If you’re white, straight and male you’ve probably never stopped to think about diversity in genre entertainment; but if you don’t fit into that very specific box it can be a very important subject indeed. Peter MacKenzie examines representation and depiction of alternative cultures in geek entertainment, highlighting when it goes right and explaining why it’s a problem when it goes wrong…
I think my feelings regarding American TV executives, especially those who cruelly cancel shows on cliffhangers, are well documented.
Some may think I’m a bit harsh, that I don’t understand the ways of commercial TV, that I’m too ingrained in the UK way of shorter (hence cheaper) seasons and BBC funding where advertising revenue doesn’t come into the equation.
In the same way that, as a Brit, I don’t tip poor or merely adequate service – the sort of attitude that would get me lynched in the States – it’s a culture thing and I should just bite my tongue.
I suppose at least, in America, you’re not subjected to an entire season of crap, just because you’ve already paid for it. Wouldn’t the world be a better place without Demons? Or Krød Mändoon..?
However, the sort of “who cares what the viewers want” attitude is starting to present itself on this side of the pond and, in the same way that I’m not 100% comfortable with sharing my name, date of birth and penis measurements with my barista as we now seem to be expected to do, I’m beginning to feel a little uneasy about the future of British television.
You see, what our TV stations over here are doing is getting you hooked on a programme and then dropping it while there are still episodes and even entire seasons still to show.
In some ways, you could argue that what British commercial stations seem to be doing is worse. At least in the States, you know that, short of a Serenity style continuation, there’s nothing more to see here. Move along.
Annoying though their cancellations were, I’ve learned to live with the fact that V’s newly-introduced, government-sanctioned task force will never fight back, and that Stargate: Universe’s Destiny’s, er, destiny will only ever live on in my imagination. An imagination where they traverse a wormhole back towards earth and obliterate the headquarters of Syfy with a budget-busting orbital bombardment sequence.
Hey, it’s only been a year – I said I’d learned to live with it, not forget about it.
But what Sky have done with Chuck in the UK is just unforgivable.
It must be said that Chuck has had a bit of a rough ride on both sides of the Atlantic at the best of times. In America the show was never not under threat of cancellation.
And in Britain, the channel which picked it up, Virgin 1, went through a rather chequered history itself, with at least two rebrandings, including becoming the extremely short-lived Channel One, and finally dumping most of its schedule on Bravo, down the pan or, in Chuck’s case, onto Living, which then itself became Sky Living. Confused? So was everyone else, who wondered who the hell thought Chuck made good bedfellows with the likes of Four Weddings, Most Haunted and Steps: The Reunion in the first place.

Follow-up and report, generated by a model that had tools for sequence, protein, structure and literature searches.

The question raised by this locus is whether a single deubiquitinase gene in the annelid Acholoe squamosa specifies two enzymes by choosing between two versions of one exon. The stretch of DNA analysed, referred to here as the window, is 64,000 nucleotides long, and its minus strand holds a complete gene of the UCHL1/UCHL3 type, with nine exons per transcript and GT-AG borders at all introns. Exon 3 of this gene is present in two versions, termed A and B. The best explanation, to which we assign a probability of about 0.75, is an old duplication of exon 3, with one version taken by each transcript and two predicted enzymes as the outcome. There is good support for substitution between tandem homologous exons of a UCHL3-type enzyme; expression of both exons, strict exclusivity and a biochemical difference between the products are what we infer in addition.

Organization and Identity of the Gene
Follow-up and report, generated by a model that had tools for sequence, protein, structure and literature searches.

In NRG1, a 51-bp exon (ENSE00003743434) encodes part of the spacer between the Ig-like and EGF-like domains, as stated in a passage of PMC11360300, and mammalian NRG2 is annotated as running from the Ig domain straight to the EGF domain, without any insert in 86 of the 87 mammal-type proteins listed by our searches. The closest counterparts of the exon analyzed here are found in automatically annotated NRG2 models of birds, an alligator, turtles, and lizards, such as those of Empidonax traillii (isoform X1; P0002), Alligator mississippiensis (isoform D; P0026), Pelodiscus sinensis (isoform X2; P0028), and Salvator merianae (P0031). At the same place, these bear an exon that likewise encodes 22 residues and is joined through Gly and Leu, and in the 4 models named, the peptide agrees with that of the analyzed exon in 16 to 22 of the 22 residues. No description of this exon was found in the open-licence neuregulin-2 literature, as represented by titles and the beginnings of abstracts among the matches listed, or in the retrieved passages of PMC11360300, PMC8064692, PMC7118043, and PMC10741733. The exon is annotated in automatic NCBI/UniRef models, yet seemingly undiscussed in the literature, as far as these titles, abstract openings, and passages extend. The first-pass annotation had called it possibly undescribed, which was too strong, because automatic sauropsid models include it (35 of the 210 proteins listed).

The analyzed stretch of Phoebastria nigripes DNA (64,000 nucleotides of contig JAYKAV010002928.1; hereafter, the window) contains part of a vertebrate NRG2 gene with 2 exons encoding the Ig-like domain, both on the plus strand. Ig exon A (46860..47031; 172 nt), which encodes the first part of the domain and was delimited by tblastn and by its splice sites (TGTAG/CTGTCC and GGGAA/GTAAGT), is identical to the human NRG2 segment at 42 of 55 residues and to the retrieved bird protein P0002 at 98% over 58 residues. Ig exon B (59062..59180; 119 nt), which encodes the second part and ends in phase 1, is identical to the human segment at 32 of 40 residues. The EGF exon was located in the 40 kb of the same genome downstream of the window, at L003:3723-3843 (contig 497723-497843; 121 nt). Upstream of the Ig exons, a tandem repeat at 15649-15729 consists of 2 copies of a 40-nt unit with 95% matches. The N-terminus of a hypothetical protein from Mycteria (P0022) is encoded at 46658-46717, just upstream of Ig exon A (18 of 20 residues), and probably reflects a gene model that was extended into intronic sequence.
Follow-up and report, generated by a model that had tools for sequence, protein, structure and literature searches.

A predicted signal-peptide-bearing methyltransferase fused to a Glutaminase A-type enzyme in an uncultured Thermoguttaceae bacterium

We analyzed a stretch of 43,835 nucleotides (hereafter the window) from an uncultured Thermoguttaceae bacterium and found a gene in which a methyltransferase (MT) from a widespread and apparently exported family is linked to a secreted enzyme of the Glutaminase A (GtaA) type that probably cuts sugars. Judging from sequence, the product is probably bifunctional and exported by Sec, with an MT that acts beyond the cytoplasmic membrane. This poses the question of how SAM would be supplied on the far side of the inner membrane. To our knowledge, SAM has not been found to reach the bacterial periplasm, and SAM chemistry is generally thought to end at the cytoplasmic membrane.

But what of Chuck now?
The fifth – and final – season has ended in the States, but repeated checks of the Sky Living schedule reveal nothing. Trawling the internet just reveals a lot of frustrated Chuck fans posting correspondence from Sky Living saying that, while they appreciate that the show has fans, they didn’t quite feel that the show made good bedfellows with the likes of Four Weddings, Most Haunted and Steps: The Reunion.
No shit, Sherlock.
So the British fans – who were just as vocal in crying for the continuation of the series as our Subway-guzzling American friends – are left with few options, most of which are, whatever your moral viewpoint, illegal.
Of course, I’m sure that the DVDs will be out at some point but, as well as the frustrating wait for whenever that’ll be (and trust me, a UK release date is not on the horizon), it means forking out money for them. And frankly, in the current economic climate, I’m more inclined to put that money towards really frivolous things like milk and bread. And Coco Pops.
Not to mention the fact that it just gets more and more difficult to avoid the spoilers.
It’s hugely annoying, but it doesn’t take much to find more examples of it happening. Breaking Bad is a particularly infamous example (from FX-UK in this instance) and season four of The Clone Wars was worryingly conspicuous by its absence from Sky Movies.
Fortunately, the latter has now got an airdate in April on Cartoon Network which is normally its second run home, but the fact Sky dropped its first run rights for no discernible reason just shows the slippery slope we could be heading down.
Because if they’re not careful, British commercial television could be in for a whole “torrent” of abuse.
Oh yes I did.